One story that Shapiro shared was of the challenges facing Houston Airport, where luggage would be available within eight minutes but passengers were at the luggage carousel within one minute and disgruntled about having to wait. The answer: airport staff created a longer path to collect luggage which took eight minutes, so luggage and passengers arrived at the same time.
While as small business owners we are moving in very different circles, we can all learn from what is happening in the big business world. Take your lead from your customers, not your competition -- it is your customers who will tell you what they want, and don't want. So listen, and act accordingly.
Much is written these days about storytelling as a way to make yourself or your business stand out, and it is a strategy that I strongly recommend. Yet recently I have witnessed ways how, as a speaker, it can backfire on you and instead of winning over your audience, can alienate the people listening to your talk. How?
If you do a favour for someone, do you keep an internal tally card tracking who has done what for who and then feel abused when the person or company doesn't reciprocate? You wouldn't be alone. But authors Bob Burg and John David Mann point out in their book, The Go-Giver, that it is the giving without thought of a return that really counts.
Some of the matches, especially in the semi-finals once you got down to the really skilled players, could have been easily won by either opponent, it was that close. But just like in business, you can be neck and neck with your competitors, and suddenly one of you gets ahead. So what did the winners do to make that happen?
When I started blogging over seven years ago, I was doing it purely because I liked to write. Obviously my attitude changed. One of the first inklings I had that I was on the wrong path with this blog business was when I hired a social media intern. She was reviewing all that we did, and was quick to point out that my blog looked "shitty." Her words, not mine.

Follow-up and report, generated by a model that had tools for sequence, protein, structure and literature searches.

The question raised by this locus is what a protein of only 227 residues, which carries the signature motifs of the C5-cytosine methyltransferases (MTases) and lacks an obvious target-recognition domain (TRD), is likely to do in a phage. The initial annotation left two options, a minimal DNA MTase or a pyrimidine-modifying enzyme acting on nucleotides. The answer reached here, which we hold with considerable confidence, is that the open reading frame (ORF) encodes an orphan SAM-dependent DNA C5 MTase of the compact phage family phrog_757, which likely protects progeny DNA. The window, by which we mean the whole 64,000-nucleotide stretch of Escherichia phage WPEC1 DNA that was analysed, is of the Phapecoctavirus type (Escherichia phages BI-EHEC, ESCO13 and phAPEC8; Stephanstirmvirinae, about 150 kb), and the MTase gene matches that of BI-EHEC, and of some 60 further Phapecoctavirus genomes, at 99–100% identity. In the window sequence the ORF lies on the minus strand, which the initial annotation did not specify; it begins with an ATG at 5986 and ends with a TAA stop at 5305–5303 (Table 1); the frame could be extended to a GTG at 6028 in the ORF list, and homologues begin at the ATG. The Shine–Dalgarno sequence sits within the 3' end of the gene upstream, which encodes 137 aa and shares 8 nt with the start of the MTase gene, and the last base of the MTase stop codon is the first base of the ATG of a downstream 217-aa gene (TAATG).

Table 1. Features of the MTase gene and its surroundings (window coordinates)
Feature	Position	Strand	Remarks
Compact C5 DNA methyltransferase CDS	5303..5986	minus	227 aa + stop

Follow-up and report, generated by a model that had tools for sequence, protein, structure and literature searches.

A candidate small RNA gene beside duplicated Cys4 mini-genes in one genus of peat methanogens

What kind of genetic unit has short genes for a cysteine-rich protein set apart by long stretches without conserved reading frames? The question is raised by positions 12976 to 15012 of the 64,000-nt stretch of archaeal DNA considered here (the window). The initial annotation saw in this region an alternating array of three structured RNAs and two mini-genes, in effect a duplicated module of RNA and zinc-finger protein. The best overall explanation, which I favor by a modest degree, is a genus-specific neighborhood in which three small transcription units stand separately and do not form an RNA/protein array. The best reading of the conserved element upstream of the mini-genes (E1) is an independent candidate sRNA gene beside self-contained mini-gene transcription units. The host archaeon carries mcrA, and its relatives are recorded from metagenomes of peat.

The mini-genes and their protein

When was the last time you did something completely new to you? So often we get into routines and stuck in our comfort zone. Stepping beyond those protective boundaries we have set for ourselves can end up being scary and a bit intimidating. Here's some pointers to consider as you embark on your firsts.
It is hard to believe that Company of Women is celebrating its 10th birthday. Where did the time go? As I reflect on the past, I share some lessons I have learned -- some the hard way. I guess I bought into the myth that women can do it all and I sure would try. Looking back I realize this was a big mistake
Women start businesses for a variety of reasons -- to address a need, to pursue a passion, or just to get away from life in the fast lane. Many seek more control over their lives, wanting the flexibility to work around the needs of their families, and their needs for an interesting life that stretches them and gives a sense of self. For myself it was a couple of life-changing experiences that had me take that leap of faith.
Our first trade show was a bit of a bust -- bottom line, we spent a lot of money and staff time on something that really did not generate much business, nor much awareness of our business. I've since participated in several trade shows, and here's some practical tips and questions to ask yourself before you embark on what can be an expensive -- and sometimes worthwhile -- venture.
While I may brief the speakers on the audience, their backgrounds and occupations, I can't predict the personality style of all those involved, which in turn impacts how they learn best and that's why some people will love a presentation, and others hate it. So here are some tips on how to read your audience!
Is it me, or do we have more princesses in the workplace? You know the type: women who think the world revolves around them. Lately I have come across this breed of young women who clearly have a high opinion of themselves and as a result come across as somewhat demanding -- that kind of attitude interferes at work.